Starting Oct. 1, it could start getting cheaper to buy a home around Seattle and most of Washington.
That’s because the curtain will be pulled away from a secret long kept within the community of real-estate agents: how much the agent representing the buyer collects when a house is sold. Brokerages in the Seattle-Tacoma area will be among the first in the nation to start publishing those fees, long kept hush-hush, on their online listings.
And while home sellers have been required to offer some kind of compensation to buyers’ agents in order to list a home, starting Tuesday, sellers won’t need to offer anything.
The changes here, enacted by the Northwest Multiple Listing Service (NWMLS) — the membership group where brokers exchange information on homes they are selling in 23 Washington counties — come in the midst of two ongoing class-action lawsuits filed this year in Illinois and Minnesota against the National Association of Realtors and several nationwide brokerage firms. Those suits allege that brokers forced sellers to pay artificially high fees to buyer’s agents, by refusing to show homes to clients without the promise of a high commission.
The lawsuits have been called a “nuclear bomb on the industry,” an “Armageddon” and “forever industry changing” by real-estate commentators, who anticipate they will drive transaction costs down. The National Association of Realtors has moved to dismiss the case and said the lawsuits are “shaky” and the claims “manufactured.”
But the NWMLS’ push for stepped-up transparency hints that behind the scenes, brokers may be taking the implied threat of the lawsuits more seriously than they publicly admit.
The NWMLS said its changes aren’t in response to the allegations of price-fixing contained in the suits. Rather, the organization said in a statement, the litigation “afforded NWMLS brokers the opportunity to review NWMLS rules and improve them to allow brokers to continue to innovate.”
The new rules, the organization said, should help homebuyers better understand how their agent is compensated for helping to show them houses and close a deal. A recent Redfin survey found that roughly half of people buying homes don’t understand how their agents are paid — perhaps in part because buyer’s agents often describe their services as “free.”
Actually, the person going house to house with a would-be homebuyer gets their pay from splitting a commission with the agent representing the seller, who’s usually paid around 5%-6% of the total home price. But generally, a buyer doesn’t learn how much the seller is offering the buyer’s agent who helps bring home the deal — that figure is hammered out between the seller and the seller’s agent, and then published in the Multiple Listing Service’s database, which is only accessible by real-estate agents.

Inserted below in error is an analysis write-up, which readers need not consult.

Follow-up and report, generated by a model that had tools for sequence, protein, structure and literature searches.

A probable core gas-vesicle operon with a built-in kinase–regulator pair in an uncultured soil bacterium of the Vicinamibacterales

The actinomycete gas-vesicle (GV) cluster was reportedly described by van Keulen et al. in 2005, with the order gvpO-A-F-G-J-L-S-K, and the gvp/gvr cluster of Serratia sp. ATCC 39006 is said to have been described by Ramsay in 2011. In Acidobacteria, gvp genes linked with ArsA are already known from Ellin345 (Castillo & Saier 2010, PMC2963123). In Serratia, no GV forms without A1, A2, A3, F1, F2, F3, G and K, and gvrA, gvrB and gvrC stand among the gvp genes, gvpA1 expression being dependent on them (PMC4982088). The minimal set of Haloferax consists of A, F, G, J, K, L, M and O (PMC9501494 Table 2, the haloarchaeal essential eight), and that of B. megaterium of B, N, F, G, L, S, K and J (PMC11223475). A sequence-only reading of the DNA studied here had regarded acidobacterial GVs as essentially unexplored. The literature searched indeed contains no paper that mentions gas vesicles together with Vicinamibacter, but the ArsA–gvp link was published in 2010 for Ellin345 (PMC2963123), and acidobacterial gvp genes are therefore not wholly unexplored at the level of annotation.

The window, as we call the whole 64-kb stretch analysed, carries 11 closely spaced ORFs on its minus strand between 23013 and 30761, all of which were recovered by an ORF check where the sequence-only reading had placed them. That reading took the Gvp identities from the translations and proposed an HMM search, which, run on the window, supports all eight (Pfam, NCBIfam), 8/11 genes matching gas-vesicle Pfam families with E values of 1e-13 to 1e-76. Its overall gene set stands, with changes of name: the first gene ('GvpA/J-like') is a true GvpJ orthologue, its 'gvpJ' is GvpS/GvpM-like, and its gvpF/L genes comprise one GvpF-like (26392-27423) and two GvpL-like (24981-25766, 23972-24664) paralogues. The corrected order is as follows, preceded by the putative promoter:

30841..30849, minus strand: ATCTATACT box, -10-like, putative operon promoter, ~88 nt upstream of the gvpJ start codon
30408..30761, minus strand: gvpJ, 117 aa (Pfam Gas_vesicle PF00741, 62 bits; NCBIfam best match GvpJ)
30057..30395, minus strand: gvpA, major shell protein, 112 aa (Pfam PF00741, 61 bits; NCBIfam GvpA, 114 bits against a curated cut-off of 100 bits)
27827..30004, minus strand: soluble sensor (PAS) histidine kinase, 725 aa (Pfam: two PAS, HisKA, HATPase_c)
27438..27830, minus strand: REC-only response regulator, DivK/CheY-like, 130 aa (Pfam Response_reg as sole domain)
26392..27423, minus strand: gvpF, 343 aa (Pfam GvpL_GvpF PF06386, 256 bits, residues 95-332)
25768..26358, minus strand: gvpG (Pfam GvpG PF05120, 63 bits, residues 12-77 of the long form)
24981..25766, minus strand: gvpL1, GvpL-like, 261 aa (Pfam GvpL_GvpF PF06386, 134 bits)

Starting immediately, the new rules will make it easier for homebuyers to figure out if their agent is only showing them houses offering a high buyer’s commission, said Greg Gans, a broker at Hardy Realty in Seattle who describes himself as “almost exclusively” a buyer’s agent.
“I know plenty of agents who see a 1% commission, and they’ll show the house, but they’ll say, ‘Oh, this is a problem, and you’re going to have to spend this amount of money on the kitchen,'” Gans said. “Brokers think of crafty ways to steer people away from homes where they’re not going to get the full commission. Or brokers may not put together the most competitive offer” on homes offering low commission.
While the new rules allow sellers to refuse to pay the commission of the buyer’s agent, it’s unlikely sellers will get off entirely scot-free, at least any time soon. For one, state law allows buyer’s agents not to show property if the seller doesn’t offer to pay commission. And buyers on the hook for hundreds of thousands of dollars may not have the liquidity to pay their agents themselves, unless mortgage rules change.
In the long term, though, the change could lead to a system where buyers and sellers each compensate their own agent, said Windermere broker Russ Cofano, instead of funneling commission through the seller’s agent. That could make it less expensive to sell a home.
And the greater transparency could increase downward pressure on buyer’s agent commissions — already heightened by firms like Seattle-based digital brokerage Redfin, which gives cash back to buyers in most states.
Buyers are already starting to demand more for their money from their agents, said John L. Scott vice president Jon Hunter. Greater transparency will give them more leverage to negotiate agents’ fees down.
“It opens a conversation about why are you worth 3%? Why are you worth 2%?,” he said.
Traditional brokerages maintain that buyers understand the value of agents, and that even sellers want to attract competent buyer’s agents to help facilitate the transaction.
“We don’t see these changes having a dramatic impact,” said Joe Deasy, president of Windermere’s Eastside operations.
But digital-first firms say transparency means more money in buyers’ pockets — and opportunities for firms, like them, already positioned to offer lower homebuying costs.
Redfin started publishing buyer’s agent commissions on the homes it lists last month. CEO Glenn Kelman said he expects the marketplace for buyer’s agents to become more efficient as a result.
“Seattle’s real-estate market is wide open for competition,” he said.